Immortality and Psychology. — We have now
proved that the soul is a simple, spiritual, sub-
stantial principle ; and we have criticized at some-
length the chief counter theories. The truths thus
far established, though interesting in themselves,
derive their main importance from their bearing on
the question of a future life. This topic, however,
cannot be isolated and kept strictly within the
boundaries of psychology proper, for it is inseparably
bound up with problems of other branches of
philosophy. Immortality of the human soul pre-
supposes the existence of God ; and the most con-
vincing arguments of a future life are deduced from
ethics. But this fact merely evinces the solidarity
of the great metaphysical questions, whilst the
philosophical science of the human mind seems
clearly to be the place where the discussion of its
destiny ought to be undertaken.

Immortality and Theism.— Moreover, although
rigid demonstration of a future life presupposes the
existence of a Divine Ruler, — for were there no God,
the present question would be idle and meaningless, —
still it is worthy of note that some of the proofs of
Immortality are amongst the most forcible arguments


for the existence of the Deity. Anyhow, the considera-
tions to be advanced here are of a purely rational
•character, and prescind altogether from the assured
certaint}^ of an everlasting life which we have guaranteed
by Revealed Religion.

Teleological Argument. — Our first proof will be
that deduced from the nature of the faculties, aspira-
tions, and yearnings of the human mind, and the
manner in which they point to another sphere of exist-
ence in which they are designed to enjoy their appro-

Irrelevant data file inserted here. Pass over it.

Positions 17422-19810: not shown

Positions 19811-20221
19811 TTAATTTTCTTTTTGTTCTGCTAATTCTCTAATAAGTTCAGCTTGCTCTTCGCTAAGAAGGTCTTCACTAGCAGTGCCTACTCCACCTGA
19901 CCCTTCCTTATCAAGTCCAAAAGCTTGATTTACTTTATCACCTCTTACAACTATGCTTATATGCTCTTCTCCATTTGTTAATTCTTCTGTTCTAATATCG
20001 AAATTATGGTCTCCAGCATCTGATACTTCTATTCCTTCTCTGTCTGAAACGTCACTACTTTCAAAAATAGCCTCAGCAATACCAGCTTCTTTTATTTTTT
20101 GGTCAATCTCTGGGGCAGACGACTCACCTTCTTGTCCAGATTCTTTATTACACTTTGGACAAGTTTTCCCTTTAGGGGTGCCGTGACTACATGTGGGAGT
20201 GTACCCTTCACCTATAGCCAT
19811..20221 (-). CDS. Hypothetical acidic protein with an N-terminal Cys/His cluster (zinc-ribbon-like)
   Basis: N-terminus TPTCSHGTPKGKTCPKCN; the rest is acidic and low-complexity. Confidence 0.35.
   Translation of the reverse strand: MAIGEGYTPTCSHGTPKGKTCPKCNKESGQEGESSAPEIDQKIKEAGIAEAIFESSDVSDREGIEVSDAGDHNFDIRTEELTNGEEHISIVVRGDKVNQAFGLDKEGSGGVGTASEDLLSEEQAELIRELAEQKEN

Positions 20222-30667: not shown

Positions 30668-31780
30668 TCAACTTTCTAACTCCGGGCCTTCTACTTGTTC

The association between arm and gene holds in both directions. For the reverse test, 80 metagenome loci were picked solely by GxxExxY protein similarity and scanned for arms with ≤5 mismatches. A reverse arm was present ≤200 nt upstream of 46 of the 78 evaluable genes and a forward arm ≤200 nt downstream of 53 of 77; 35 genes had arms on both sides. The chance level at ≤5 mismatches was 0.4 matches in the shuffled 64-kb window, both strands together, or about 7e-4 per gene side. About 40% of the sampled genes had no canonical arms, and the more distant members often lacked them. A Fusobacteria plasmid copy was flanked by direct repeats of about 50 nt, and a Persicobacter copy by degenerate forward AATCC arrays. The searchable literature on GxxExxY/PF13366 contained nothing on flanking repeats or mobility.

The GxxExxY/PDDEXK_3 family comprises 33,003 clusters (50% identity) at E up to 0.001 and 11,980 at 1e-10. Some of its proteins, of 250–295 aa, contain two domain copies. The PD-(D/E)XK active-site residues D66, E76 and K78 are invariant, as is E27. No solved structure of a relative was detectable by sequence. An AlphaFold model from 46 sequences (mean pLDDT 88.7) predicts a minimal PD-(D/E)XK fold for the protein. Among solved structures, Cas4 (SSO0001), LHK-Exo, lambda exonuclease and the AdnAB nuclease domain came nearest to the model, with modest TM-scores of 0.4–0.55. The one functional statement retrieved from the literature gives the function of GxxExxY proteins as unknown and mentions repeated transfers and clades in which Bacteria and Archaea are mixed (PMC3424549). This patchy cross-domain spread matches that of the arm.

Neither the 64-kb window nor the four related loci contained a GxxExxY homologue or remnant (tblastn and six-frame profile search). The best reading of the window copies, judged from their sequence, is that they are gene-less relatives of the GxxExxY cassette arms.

priate objects. Notwithstanding the seeming success
which temporarily marked the first assault of the theory
of natural selection on the doctrine of final causes, it is
now becoming more and more evident every day that
the attempt to explain the universe and all it contains
in a purely mechanical fashion, as the fortuitous out-
come of the collision of blind forces, has completely
failed ; and that the theory of Evolution is hopelessly
incompetent to solve even the simplest biological
problems without ultimately falling back on a teleo-
logical conception of the world. At all events, evolu-
tionists themselves are fully as insistent as pre-Darwin
ph3'siologists on the axiom that there is no organ ivithout
its function, that no activity or faculty is to be found in
the kingdom of organic life which has not its fitting
object, its appropriate end to serve. The e^'c would
never have been developed unless there were in exist-
ence light and material objects to be seen. The
mechanism of the ear would never have been evolved
save to operate in a universe of sound. The senses of
smell and taste exist only because there are real stimuli
to exercise them. And each instinct discovered in the
animal kingdom points infallibly to some real object by
which it is to be gratified. " Everywhere in nature
there is evident the law of correlation, of finality of
harmonious reciprocity, of appeasement of real needs,
and satisfaction of natural tendencies." ^ Even the
rudimentary organ is held to establish conclusively the
reality of the past or future occupation for which the

^ Cf. J. Knabenbauer, S.J., Das Zcugniss des Menschengeschlechtes
juY die Unsterblickkcit der Seek, p. 5.


member was made. In fact, all the evidence gathered
in behalf of Evolution, when impartially viewed from
a larger and higher standpoint, merely confirms the
main thesis of Natural Theology that the Author of
the world is a Being of infinite wisdom who governs it
in harmony with reason and according to law. If we
now turn to Psychology for an accurate account of our
mental aptitudes and tendencies, we shall learn that
the Mind is the subject of activities and powers rising
altogether above the needs of the present life ; and that
it exhibits talents and aspirations which find not their
proper satisfaction here, but stretch out beyond the
present existence, demanding a future state in which